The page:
at Work:

3 Key Insights from
New Global Research


Women in the workplace faced added challenges during the pandemic. How did women fare as leaders? While men and women are equal for many leadership tasks, most often the emotional work of leadership falls to women – and this has some surprising outcomes.

Two major research studies combine to paint a compelling picture of women’s experience at work. Here are 3 key takeaways from McKinsey’s 2021 Women in the Workplace report – the largest study of women in corporate America – and Six Seconds’ 2021 State of the Heart report – the world’s largest study of emotional intelligence

by Michael Miller and Patty Freedman

1. Women leaders support their teams and promote employee wellbeing.

Compared to men in similar positions, women managers do significantly more to support employees. They check in more regularly, help manage workloads, and provide emotional and logistical support. Employees struggling to navigate complex work life challenges during the pandemic, or dealing with burnout, most often turn to their women leaders. The result? Employees report women supporting their careers at twice the rate of men.

Consider this: McKinsey’s Women in the Workplace report found that employees were equally likely to say that men or women senior leaders had supported them in their careers – even though men outnumbered women in the study 2 to 1 – indicating that an unsustainable burden of sponsorship or mentorship falls on women.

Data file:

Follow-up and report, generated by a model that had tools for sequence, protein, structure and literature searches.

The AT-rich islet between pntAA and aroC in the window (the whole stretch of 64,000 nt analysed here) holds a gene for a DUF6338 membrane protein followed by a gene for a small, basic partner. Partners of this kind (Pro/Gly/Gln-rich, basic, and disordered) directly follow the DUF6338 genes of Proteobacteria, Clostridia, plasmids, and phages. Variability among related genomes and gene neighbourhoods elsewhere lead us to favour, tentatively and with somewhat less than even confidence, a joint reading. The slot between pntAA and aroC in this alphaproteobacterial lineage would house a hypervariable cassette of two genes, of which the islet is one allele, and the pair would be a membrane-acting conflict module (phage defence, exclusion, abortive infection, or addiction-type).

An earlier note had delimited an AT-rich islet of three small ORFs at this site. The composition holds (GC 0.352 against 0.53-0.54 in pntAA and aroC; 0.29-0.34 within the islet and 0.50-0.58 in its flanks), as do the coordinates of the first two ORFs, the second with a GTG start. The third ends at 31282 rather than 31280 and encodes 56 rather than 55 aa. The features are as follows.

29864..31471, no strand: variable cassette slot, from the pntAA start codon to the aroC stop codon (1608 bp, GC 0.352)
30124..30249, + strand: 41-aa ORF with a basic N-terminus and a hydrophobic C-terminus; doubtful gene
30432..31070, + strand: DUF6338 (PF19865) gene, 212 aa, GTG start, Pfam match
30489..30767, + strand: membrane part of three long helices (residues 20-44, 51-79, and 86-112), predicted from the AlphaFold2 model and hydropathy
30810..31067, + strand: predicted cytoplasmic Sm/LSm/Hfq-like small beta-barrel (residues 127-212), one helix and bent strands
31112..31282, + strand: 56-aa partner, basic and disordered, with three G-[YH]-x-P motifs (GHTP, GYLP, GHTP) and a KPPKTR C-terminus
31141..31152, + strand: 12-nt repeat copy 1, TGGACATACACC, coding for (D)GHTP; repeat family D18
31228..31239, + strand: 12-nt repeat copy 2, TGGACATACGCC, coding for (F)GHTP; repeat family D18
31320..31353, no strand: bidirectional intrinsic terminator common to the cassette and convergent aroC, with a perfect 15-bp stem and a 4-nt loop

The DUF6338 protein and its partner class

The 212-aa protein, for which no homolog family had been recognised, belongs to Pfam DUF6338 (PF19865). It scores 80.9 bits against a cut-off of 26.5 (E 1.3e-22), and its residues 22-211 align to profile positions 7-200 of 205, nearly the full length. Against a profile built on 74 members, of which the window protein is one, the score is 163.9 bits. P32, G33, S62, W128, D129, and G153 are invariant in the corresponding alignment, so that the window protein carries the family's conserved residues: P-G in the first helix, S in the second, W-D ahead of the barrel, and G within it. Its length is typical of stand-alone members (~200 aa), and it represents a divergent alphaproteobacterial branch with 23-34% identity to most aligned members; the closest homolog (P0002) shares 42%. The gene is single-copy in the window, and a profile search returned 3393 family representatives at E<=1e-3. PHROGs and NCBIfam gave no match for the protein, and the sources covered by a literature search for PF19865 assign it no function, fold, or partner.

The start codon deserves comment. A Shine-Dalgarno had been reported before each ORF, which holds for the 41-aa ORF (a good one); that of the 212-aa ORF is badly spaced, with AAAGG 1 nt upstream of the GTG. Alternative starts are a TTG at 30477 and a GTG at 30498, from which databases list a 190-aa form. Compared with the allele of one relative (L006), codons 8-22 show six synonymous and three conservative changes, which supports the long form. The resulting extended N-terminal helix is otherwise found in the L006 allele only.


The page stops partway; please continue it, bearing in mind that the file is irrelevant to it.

The data also reveals that most of this emotional leadership goes unrewarded and unrecognized, and can lead to overwhelmed leaders.

Where should we send your copy of the State of the Heart report?

Emotional Tradeoffs for Women Leaders

The emotional inequity explained in the McKinsey report links to a key finding in State of the Heart: While all other aspects of emotional intelligence are correlated with career advancement for women leader (see point 3), empathy declines.

The graph to the right shows Navigate Emotions (the ability to handle complexity and use emotions as resources) which is strongly correlated with advancement for women. At the same time, there’s a decline in Increase Empathy (the ability to connect with and appropriately respond to emotions). The same is not true for men. Why would this be?

One possible explanation is that the expectations of organizational culture push women leaders to suppress empathy and handle increased emotional complexity – perhaps internalizing the message that women should be more like men, while still doing more emotional leadership work. Perhaps these results come from a lack of role models for women in leadership.

In any case, this graph illustrates the emotional tradeoffs many women leaders are facing. In a context of gender inequity, advancement comes with an added cost – which may help explain why women leaders experience a higher level of burnout.

2. Women leaders experience higher levels of burnout.